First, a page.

because the system is disabled by the weight-
RECEIVER-TRANSMITTER. This system
uses the RT-1042/APN-194(V) as its receiver-
transmitter (fig. 2-10, view B). It is an airtight unit
that contains all the electronic components for the
generation, detection, and time difference
computations of the radar pulses.
There are two altitude modes of operation-one
for low level and one for high level. The low-level
mode is for altitudes less than 1,000 feet. In this
mode, the RT transmits a very narrow, low-powered
pulse to get maximum range resolution. The
high-level mode is for altitudes above 1,000 feet. In
this mode, the output pulse is a wider, high-powered
pulse, which ensures sufficient ground return energy
There are two ranging modes of operationone
for search and one for tracking. In the search mode,
the system successively examines increments of
range with each cycle of operation until the complete
altitude range is searched for ground return. When
the range is found, the system switches to the track
mode. In the track mode, the system locks onto and
tracks the leading edges of the ground return pulses.
It then sends continuous altitude information to the
In most aircraft with this system, there is an
Interference Blanker, MX-9132A/APN-194(V),
located next to the RT (fig. 2-10, view B). This
blanker attenuates any RF from direct antenna
leakage and provides isolation of the receiver from
the transmit antenna.
LOW ALTITUDE AUDIBLE ALARM. Some
of the aircraft with the APN-194(V) system have the
BZ-157A low altitude audible alarm installed (fig.
2-10, view C). In the EA-6A aircraft, this box is on
the ICS relay box behind the EWOs seat. This alarm
will apply a tone to the intercommunication system
when the aircraft falls below the altitude that the limit
bug is set. The tone is a 2-second tone alternating
between 700 and 1700 Hz at 2-Hz intervals. This
alarm will also sound when there is an unreliable
condition in the system. This tone alternates between
700 and 1700 Hz at 8-Hz intervals. The alarm will
also send a signal to the indicator to cause the OFF
flag to appear.
The unreliable condition warning
signal takes precedence over the low altitude warning
The BZ-157A has three switches on it. The first
one is the volume control, which controls the volume
of the alarm. The other two are press-to-test switches.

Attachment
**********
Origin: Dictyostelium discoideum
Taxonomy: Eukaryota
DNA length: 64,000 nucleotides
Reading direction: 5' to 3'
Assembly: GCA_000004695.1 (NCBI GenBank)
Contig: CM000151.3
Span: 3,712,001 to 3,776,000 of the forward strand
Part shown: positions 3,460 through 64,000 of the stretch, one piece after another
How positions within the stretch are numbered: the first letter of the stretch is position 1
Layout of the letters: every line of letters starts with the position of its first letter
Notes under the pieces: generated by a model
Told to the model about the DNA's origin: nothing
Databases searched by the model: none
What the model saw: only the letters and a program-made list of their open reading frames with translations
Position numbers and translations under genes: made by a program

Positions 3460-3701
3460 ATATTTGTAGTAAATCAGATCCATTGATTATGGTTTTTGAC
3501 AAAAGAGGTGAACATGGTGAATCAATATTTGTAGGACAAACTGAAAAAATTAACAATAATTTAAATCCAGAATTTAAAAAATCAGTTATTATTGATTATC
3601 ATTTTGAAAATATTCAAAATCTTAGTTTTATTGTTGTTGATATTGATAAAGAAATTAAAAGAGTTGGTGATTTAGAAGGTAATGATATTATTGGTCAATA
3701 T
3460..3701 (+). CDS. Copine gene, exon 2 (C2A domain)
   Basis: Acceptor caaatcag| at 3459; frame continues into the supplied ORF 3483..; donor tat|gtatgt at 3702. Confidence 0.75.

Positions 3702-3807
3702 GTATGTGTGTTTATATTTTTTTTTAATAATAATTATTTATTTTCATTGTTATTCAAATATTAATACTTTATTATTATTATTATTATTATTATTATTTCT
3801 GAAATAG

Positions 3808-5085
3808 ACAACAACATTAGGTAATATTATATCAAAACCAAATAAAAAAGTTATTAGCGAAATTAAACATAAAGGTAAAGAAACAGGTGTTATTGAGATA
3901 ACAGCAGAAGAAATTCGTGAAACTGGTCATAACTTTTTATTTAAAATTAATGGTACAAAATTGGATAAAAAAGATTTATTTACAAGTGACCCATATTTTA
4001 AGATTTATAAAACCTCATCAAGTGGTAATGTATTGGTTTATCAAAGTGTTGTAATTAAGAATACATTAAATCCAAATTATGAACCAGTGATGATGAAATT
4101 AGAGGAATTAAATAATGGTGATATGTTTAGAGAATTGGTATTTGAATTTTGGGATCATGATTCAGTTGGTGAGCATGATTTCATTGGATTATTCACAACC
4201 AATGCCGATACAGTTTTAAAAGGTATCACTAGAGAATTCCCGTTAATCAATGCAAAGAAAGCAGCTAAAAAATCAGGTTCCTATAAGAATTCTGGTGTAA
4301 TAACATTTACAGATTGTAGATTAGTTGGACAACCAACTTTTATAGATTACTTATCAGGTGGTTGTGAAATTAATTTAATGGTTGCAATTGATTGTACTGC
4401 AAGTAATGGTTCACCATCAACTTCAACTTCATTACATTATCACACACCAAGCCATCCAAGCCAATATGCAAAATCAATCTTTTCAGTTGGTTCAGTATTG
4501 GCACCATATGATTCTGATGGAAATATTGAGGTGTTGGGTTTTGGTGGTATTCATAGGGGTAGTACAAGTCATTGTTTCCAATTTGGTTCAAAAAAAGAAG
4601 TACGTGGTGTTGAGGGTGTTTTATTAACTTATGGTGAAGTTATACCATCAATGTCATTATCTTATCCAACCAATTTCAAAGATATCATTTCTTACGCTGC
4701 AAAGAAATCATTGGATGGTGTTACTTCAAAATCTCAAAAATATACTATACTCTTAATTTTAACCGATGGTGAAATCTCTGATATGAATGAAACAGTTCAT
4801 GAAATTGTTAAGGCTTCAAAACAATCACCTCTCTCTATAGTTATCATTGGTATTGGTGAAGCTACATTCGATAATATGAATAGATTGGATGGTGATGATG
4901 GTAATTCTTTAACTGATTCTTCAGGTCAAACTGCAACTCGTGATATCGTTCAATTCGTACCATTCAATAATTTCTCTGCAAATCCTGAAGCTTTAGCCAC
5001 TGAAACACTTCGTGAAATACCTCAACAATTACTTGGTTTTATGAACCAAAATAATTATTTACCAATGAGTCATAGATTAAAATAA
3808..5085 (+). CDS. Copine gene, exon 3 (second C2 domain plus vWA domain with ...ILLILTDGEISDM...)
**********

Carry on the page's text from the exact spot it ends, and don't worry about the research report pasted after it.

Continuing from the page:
Depressing the LOW ALT switch will cause the alarm
to be heard. Depressing the UNREL switch will
cause the alarm to be heard and the OFF flag to
LOW ALTITUDE WARNING LIGHT. The
low altitude warning light is mounted on the pilots
instrument panel. This light will illuminate whenever
the aircraft falls below the altitude that the limit bug is
RADAR ALTIMETER WARNING SET
The radar altimeter warning set (RAWS) works in
conjunction with the radar altimeter systems that do
not have the BZ-157A alarm unit. The P3-C aircraft
uses the AN/APQ-107 system. This system provides
the pilot and copilot with warning signals whenever
any of the following conditions exists:
. Aircraft flies below preselected altitudes.
. Input power to radar altimeter fails.
. RAWS warning circuit indicates unreliability.
When the aircraft descends to 380 (±20) feet
(high-altitude index), the radar altimeter signal to
RAWS is interrupted. This causes the AUTOPILOT/
RADAR ALTM warning lights to flash and a 1-kHz
interrupted tone to be heard over the ICS. Both
signals occur at a rate of two pulses-per-second for a
3-second duration. This also happens as the aircraft
descends through 170 feet (low-altitude index). The
warnings will continue as long as the aircraft remains
below the low index. When the nosegear is down or
the flaps are in the approach, takeoff, or landing
position, the warning signals are disabled.
If the radar altimeter receiver signal is too weak to
provide reliable altitude information or the altimeter
malfunctions, the RAWS will give both warnings.
This occurs unless the signals are disabled by the
nosegear or flap position.
There are two RAWS press-to-test switches
located in the aircraft. One on the RAWS itself, and
one on the forward load center. If you depress the
switch on the RAWS, it will actuate both signals,
unless the nosewheel is down and locked-then only
the aural warning occurs. Depressing the switch on
the forward load center results in both the visual and
the aural warnings.